Tag Archives: waterlogged sites

ASBC Victoria Talk: Tuesday September 16, Jenny Cohen on Paleoethnobotany of Kilgii Gwaay

2002 excavations at Kilgii Gwaay Site.

2002 excavations at Kilgii Gwaay Site.

Paleoethnobotany of Kilgii Gwaay: a 10,700 year old Ancestral Haida Archaeological Wet Site

Jenny Cohen

Tuesday, September 16, 2014, 7:30 pm

Cornett Building B129

(North End of Cornett building)

University of Victoria (map)

The Victoria Chapter of the Archaeological Society of BC (ASBC) has a long-running monthly Fall-Spring speaker series which is starting again next week.  The speaker is UVic Anthropology graduate student Jenny Cohen, speaking on results from her paleobotanical analysis of the 10,700 year old intertidal wet site, Kilgii Gwaay, in southern Haida Gwaii.  It’s a fascinating site which gives real insight into the way of life of Ancestral Haida at the Pleistocene-Holocene transition and I’m sure Jenny’s thesis, nearing completion, will be of wide interest.

If you don’t have enough Kilgii Gwaay in your life then I recommend you jump over to the Burnt Embers blog, where there are some excellent photos from the tricky intertidal excavations at that site a few years ago: Setting Up;  Keeping Water Out; Putting Water InWater Screening; and Kilgii Gwaay Finds.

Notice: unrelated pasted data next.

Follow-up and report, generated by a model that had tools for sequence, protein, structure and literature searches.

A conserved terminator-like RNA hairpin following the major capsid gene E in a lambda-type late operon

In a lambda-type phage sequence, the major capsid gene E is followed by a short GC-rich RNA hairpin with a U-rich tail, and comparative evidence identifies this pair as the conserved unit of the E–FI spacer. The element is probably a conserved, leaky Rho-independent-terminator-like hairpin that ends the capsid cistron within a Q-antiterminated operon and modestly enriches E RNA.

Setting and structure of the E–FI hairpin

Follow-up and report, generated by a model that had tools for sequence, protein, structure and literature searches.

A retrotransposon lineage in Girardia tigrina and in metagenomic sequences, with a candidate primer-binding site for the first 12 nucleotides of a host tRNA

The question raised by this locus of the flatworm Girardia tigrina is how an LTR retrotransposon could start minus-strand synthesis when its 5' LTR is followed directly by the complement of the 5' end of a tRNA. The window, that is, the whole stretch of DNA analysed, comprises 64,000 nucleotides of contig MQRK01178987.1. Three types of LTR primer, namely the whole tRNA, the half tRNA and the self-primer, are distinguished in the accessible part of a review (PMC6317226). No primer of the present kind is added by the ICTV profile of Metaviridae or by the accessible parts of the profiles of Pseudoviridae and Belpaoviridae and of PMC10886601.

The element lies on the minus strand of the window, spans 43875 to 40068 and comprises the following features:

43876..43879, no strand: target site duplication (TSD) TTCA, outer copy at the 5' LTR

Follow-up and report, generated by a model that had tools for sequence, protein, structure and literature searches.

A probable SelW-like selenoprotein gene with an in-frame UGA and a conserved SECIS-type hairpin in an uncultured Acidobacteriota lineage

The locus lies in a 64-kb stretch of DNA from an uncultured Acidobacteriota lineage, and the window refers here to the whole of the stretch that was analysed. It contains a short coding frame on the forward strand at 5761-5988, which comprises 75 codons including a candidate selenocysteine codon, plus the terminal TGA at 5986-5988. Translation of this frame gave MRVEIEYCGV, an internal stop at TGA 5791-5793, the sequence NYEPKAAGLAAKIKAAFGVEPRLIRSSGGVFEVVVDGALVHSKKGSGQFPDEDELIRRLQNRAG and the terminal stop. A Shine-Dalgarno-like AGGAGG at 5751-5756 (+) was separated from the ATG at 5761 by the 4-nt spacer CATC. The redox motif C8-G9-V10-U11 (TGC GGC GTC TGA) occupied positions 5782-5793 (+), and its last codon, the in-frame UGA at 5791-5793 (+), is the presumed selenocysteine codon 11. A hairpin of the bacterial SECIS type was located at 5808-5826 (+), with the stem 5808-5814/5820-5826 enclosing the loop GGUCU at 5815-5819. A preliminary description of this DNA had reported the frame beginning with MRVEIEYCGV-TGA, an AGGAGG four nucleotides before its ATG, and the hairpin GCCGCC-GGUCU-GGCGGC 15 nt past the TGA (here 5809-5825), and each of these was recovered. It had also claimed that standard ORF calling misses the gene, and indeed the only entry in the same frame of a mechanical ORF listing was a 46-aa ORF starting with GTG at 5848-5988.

Abstract: Continue reading

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Final Qwu?gwes wet site report is available for download

Toy war club from Qwu?gwes site.  Source: Qwu?gwes Report.

Toy war club from Qwu?gwes site. Source: Qwu?gwes Report. Click to enlarge.

Dale Croes kindly sent me a link to the final report for the Qwu?gwes wet site (45TN240), which is  is located on Mud Bay at the southern end of Eld Inlet, Puget Sound, near Olympia, Washington (map). The site was apparently first occupied about 800 years ago.  This report, hosted at NewsWARP, checks in at almost 1,000 pages and about 80 megs, and is the product of more than 10 years of field-school and collaborative research with the Squaxin Tribe.  There look to be about two dozen authors. If you’re not up for the whole thing right away,  there’s a much shorter executive summary you can download here. But it’s a really impressive report covering everything from stone to bone to wood, bark, root, wood I.D., ethnobotany, paleo-seismology, fishtraps, and more.  It’s very clearly written at an accessible, non-technical  level, largely by students. I’ll pick out a few of many highlights below. Continue reading